Wednesday, May 27, 2015

Montana Runoff Back To Normal

Ron Burgandy Meets Bill Dance. 
Along with being self-professed experts in all areas of fish behavior ("what the heck do these little buggers want today" ; "goddangit they were all over this fly yesterday") fishing guides thoroughly enjoy masquerading as weathermen. We pour over snowtel reports and intently read ocean temperature models all with the hope of better predicting what kind of water we will find ourselves on the next summer or the next day. If I had to rank frequency of discussions the   BRG  crew have at the brewery most nights it would go 1) todays fishing, 2) tomorrows weather, 3) Giants hitting slump / hot streak, 4) Authentic Frontier Gibberish. The weather and its impact on the river is by far the variable that we fret about the most. The best flies in the world (youheard it here first!) will only take us and our clients so far, the rest is relying completely on the capable hands of Momma Nature.

So what does she have in store for us?

Current Flows & Trends:

So far 2015 has started out strong on all fronts: Good weather, consistent precipitation and a very mild pre-runoff have seen us out on the Bitterroot and Big Hole with consistently good fishing. This is a far cry from last years mammoth snowpack and other similar highwater years. In those years the upper Bitterroot river can peak at close to 9,000 - 10,000 CFS, an extremely impressive volume for this river and one that makes your favorite 12-mile float take about an hour. No joke. These Ark-like conditions have occurred most recently in 2011 and 2014 and they will definitely push your calendar back a few weeks: In 2011 the upper Bitterroot was 2,000 CFS above average all the way through July, and the Clark Fork didn't regain clarity until mid-August!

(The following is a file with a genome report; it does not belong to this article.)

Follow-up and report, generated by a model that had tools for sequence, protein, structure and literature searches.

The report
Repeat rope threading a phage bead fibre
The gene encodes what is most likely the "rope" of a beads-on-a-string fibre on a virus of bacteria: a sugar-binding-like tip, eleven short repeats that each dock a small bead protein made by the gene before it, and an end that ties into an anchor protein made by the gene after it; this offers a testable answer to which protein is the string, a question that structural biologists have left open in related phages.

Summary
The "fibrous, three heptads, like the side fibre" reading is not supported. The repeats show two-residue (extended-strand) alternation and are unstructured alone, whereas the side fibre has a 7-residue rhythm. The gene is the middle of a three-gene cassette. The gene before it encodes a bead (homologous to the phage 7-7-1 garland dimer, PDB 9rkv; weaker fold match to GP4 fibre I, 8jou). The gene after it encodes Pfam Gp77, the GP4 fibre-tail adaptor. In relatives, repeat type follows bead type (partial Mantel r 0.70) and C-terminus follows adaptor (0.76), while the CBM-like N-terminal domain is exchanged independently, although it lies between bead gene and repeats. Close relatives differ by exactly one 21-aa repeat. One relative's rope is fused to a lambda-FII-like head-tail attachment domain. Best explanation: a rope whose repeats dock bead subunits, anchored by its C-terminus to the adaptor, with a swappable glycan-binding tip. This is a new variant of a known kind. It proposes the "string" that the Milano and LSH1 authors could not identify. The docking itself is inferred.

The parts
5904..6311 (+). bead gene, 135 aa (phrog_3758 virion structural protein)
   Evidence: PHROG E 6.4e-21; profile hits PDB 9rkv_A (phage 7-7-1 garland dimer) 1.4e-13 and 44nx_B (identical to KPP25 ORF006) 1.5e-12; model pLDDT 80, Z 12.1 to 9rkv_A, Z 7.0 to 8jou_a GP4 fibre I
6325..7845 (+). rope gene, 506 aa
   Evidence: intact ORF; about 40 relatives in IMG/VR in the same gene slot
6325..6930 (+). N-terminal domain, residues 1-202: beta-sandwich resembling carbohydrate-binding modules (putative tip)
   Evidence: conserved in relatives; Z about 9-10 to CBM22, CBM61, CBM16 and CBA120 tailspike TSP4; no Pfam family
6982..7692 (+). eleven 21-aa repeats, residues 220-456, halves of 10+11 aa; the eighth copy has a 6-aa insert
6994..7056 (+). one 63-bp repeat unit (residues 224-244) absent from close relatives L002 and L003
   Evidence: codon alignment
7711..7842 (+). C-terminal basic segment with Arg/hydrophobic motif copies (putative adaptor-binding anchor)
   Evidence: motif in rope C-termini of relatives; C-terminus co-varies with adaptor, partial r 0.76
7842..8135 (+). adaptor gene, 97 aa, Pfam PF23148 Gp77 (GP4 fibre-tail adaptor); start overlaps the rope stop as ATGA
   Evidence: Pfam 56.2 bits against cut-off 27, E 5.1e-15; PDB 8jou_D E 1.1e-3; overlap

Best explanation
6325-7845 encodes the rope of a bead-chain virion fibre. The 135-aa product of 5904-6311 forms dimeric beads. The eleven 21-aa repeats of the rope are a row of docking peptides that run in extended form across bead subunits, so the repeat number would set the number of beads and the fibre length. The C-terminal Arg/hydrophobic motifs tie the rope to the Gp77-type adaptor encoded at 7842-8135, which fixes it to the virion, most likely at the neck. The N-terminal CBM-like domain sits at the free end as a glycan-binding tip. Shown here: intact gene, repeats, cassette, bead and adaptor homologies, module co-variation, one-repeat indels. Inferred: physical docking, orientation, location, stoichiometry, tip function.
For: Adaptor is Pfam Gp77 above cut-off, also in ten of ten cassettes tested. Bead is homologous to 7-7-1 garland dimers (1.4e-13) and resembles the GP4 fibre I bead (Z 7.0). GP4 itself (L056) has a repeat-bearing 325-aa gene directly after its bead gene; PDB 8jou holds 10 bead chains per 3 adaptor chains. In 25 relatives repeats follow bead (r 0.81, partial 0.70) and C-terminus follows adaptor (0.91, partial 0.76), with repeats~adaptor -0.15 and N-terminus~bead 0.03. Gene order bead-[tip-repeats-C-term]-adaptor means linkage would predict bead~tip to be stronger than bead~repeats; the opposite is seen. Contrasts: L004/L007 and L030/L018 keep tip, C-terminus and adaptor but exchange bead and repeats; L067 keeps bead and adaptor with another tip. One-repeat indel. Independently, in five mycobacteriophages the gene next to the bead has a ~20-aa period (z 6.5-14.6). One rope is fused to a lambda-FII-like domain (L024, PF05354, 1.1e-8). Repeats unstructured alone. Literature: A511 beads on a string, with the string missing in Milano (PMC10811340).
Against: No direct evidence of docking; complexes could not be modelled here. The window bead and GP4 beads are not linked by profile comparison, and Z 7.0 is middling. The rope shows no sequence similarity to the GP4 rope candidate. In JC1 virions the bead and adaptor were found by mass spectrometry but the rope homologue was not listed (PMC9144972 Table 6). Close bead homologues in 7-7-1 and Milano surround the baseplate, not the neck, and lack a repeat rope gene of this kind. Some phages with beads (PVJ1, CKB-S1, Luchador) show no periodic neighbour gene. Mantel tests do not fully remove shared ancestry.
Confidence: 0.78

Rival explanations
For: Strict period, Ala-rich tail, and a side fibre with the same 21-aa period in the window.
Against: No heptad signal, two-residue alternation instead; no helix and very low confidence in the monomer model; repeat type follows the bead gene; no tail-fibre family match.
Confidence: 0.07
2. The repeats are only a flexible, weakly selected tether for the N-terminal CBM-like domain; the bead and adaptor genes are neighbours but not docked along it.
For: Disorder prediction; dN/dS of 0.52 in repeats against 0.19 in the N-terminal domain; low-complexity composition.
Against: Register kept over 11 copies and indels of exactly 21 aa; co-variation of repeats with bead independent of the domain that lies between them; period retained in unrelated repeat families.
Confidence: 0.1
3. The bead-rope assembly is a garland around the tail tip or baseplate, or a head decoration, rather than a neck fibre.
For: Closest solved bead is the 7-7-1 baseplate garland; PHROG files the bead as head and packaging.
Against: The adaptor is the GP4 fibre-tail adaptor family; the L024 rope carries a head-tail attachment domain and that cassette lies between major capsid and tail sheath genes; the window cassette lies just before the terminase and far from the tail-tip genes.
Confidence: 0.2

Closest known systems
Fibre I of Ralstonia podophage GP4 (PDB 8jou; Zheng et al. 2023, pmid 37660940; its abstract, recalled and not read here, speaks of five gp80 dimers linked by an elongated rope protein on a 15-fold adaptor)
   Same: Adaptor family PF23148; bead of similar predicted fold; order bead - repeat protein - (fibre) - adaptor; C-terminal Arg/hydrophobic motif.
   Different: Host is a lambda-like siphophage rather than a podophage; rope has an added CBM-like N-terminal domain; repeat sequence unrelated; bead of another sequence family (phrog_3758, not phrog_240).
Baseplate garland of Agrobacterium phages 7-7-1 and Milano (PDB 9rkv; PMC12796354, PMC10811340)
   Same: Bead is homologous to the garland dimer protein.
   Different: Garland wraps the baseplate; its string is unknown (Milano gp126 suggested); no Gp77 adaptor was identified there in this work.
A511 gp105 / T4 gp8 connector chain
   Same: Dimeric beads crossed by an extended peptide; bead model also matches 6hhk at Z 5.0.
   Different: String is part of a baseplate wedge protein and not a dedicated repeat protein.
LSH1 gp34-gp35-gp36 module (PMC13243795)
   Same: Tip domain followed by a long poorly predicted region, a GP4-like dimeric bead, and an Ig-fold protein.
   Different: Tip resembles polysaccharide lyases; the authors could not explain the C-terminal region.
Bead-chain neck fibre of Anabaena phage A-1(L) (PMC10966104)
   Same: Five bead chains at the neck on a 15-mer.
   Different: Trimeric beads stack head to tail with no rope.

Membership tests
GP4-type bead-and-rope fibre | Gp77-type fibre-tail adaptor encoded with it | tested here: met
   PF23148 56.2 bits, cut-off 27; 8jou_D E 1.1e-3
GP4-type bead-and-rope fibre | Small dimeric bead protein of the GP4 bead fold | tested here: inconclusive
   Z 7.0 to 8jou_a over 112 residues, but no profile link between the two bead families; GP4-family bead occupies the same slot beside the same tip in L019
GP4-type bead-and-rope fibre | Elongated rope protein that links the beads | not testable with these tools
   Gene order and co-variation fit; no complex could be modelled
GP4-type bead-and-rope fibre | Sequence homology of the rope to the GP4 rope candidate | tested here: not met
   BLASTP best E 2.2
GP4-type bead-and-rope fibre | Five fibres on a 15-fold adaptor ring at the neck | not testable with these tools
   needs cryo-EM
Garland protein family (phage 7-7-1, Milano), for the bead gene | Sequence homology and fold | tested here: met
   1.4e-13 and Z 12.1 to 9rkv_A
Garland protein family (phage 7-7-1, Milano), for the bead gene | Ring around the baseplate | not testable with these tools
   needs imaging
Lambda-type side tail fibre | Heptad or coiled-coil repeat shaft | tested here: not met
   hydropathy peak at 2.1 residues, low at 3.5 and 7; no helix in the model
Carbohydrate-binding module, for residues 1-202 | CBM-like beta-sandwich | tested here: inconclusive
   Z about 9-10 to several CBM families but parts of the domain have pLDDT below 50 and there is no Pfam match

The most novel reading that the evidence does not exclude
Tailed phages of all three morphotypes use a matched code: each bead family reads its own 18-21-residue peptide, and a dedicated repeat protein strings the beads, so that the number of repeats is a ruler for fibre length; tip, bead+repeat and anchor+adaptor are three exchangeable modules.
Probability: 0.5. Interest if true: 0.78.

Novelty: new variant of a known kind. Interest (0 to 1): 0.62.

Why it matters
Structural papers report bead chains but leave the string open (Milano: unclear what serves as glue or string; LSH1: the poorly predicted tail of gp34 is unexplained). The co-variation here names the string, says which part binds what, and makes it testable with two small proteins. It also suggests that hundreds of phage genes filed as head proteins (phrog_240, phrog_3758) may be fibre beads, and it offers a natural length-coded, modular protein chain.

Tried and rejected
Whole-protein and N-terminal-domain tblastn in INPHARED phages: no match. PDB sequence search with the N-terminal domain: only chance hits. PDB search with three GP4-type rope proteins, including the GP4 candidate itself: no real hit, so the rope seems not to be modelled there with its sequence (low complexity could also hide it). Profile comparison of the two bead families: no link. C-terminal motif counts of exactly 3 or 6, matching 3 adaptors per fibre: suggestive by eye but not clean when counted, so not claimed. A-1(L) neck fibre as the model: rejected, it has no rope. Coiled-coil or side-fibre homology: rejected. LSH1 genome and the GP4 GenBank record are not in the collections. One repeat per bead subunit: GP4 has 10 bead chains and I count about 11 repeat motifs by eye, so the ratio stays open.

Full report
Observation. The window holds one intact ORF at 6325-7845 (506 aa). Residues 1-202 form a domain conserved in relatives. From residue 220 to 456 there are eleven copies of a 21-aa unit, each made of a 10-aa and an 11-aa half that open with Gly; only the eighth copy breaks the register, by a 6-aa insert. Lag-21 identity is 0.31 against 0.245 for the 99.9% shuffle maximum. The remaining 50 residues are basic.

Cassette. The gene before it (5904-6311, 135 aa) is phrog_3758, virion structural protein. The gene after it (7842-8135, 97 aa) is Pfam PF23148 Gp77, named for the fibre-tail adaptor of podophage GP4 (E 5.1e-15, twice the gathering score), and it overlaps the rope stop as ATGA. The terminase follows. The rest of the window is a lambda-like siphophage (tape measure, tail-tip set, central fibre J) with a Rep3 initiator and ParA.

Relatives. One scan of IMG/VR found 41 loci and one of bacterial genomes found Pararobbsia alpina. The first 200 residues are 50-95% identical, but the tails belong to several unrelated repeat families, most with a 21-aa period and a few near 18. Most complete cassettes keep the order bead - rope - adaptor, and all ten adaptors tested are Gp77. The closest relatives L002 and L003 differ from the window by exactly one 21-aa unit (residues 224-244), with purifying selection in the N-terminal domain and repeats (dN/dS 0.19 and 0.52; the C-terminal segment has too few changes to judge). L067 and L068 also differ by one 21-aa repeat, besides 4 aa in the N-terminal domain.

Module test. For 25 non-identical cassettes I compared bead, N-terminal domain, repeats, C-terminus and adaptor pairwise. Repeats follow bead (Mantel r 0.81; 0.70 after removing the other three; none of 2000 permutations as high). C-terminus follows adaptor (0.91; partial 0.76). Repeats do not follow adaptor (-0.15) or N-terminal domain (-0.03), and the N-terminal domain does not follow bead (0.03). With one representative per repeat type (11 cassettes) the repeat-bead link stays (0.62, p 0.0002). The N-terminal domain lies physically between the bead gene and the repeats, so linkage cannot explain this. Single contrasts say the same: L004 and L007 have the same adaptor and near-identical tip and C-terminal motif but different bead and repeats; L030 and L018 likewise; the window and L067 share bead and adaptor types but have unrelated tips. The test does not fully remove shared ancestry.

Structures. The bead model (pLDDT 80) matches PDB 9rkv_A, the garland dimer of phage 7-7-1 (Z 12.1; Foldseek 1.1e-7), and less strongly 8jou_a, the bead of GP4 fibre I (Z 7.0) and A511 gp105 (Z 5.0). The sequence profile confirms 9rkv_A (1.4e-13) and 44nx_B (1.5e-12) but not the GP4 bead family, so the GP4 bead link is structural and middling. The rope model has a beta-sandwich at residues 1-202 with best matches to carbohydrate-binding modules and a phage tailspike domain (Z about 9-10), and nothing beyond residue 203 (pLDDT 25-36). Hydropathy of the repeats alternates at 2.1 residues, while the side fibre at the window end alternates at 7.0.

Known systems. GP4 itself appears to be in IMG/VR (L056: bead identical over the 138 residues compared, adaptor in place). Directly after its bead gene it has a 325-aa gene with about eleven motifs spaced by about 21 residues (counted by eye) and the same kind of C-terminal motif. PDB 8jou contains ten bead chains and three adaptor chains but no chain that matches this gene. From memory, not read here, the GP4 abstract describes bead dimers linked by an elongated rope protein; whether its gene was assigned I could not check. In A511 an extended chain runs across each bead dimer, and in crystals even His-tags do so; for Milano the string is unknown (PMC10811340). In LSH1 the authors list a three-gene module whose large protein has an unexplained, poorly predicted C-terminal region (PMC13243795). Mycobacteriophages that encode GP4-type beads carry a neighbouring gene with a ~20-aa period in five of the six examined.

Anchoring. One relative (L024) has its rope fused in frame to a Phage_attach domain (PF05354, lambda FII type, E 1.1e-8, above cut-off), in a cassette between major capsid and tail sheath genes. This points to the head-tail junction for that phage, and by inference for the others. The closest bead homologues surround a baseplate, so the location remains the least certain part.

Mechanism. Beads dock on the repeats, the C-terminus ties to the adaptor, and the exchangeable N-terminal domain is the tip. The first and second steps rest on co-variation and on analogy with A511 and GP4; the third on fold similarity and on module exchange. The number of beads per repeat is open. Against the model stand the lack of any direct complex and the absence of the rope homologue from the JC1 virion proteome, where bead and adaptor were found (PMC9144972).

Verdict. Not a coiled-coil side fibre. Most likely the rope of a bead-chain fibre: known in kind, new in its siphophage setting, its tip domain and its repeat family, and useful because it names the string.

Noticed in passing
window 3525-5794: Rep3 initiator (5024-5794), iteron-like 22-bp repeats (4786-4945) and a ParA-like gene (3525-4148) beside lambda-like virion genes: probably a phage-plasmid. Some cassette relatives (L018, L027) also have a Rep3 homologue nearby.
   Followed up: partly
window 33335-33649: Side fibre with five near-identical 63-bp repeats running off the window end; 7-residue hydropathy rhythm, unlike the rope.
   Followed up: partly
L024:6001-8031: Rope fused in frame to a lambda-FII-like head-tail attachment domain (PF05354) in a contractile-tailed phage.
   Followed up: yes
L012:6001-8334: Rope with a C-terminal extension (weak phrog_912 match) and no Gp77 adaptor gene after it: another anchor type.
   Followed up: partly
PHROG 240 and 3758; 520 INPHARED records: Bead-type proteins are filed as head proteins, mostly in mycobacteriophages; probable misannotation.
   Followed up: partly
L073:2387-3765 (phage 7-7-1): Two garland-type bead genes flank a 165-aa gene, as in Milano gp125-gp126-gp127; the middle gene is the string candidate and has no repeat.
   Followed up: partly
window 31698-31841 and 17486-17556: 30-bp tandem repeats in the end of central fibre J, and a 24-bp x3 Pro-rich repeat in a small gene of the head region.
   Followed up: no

Last years banner winter left the mountains with a whopping 215% of normal snowfall. We rode out a huge month-long runoff and got to solid fishing by middle June. This year will be the other side of the snowpack coin. Snowtel levels are pretty low all across Montana while overall precipitation is hovering right at average, meaning we're getting plenty of expected precipitation it's just showing up as rain instead of snow. As long as the rain holds out we will be enjoying an excellent summer. No gigantic dangerous high water season for us, just easy flows all the way into summertime.

Not A Client, More Of An "Enthusiast"

What This Means For Us / Get Out And Go Fishing:
The lower-than-average snowpack this season is offering us a virtual slamdunk for the up-coming weeks. In the aforementioned heavy snow years (2011, 2014) the river took longer to warm up to trout-comfortable temperatures and generate the hatches that come along with them. Recent experience of 2015 so far has indicated all the hatches are 1-2 weeks ahead of normal schedule due to warm spring temperatures. Some really ideal hatch conditions are going on right now. The hatches we've seen so far have all come off in banner numbers, more Skwalas, March Browns, BWO's, and Caddis than we have seen the last three years. Will this continue into June hatches of Salmonflies and Goldens? Almost definitely. So far this years runoff hasn't kept many people off the river, it has remained juicy and fishy if just a bit bigger than comfortable. Water temps and flows should be prime by June 1st and only improve through July. Best Weatherman / Guide advice is to get out there while the getting is good and hit the front end of our Montana dryfly fishing as often as possible!

Fallback Option: Autumn in Craig

Friday, May 8, 2015

Low Bitterroot Fishing Report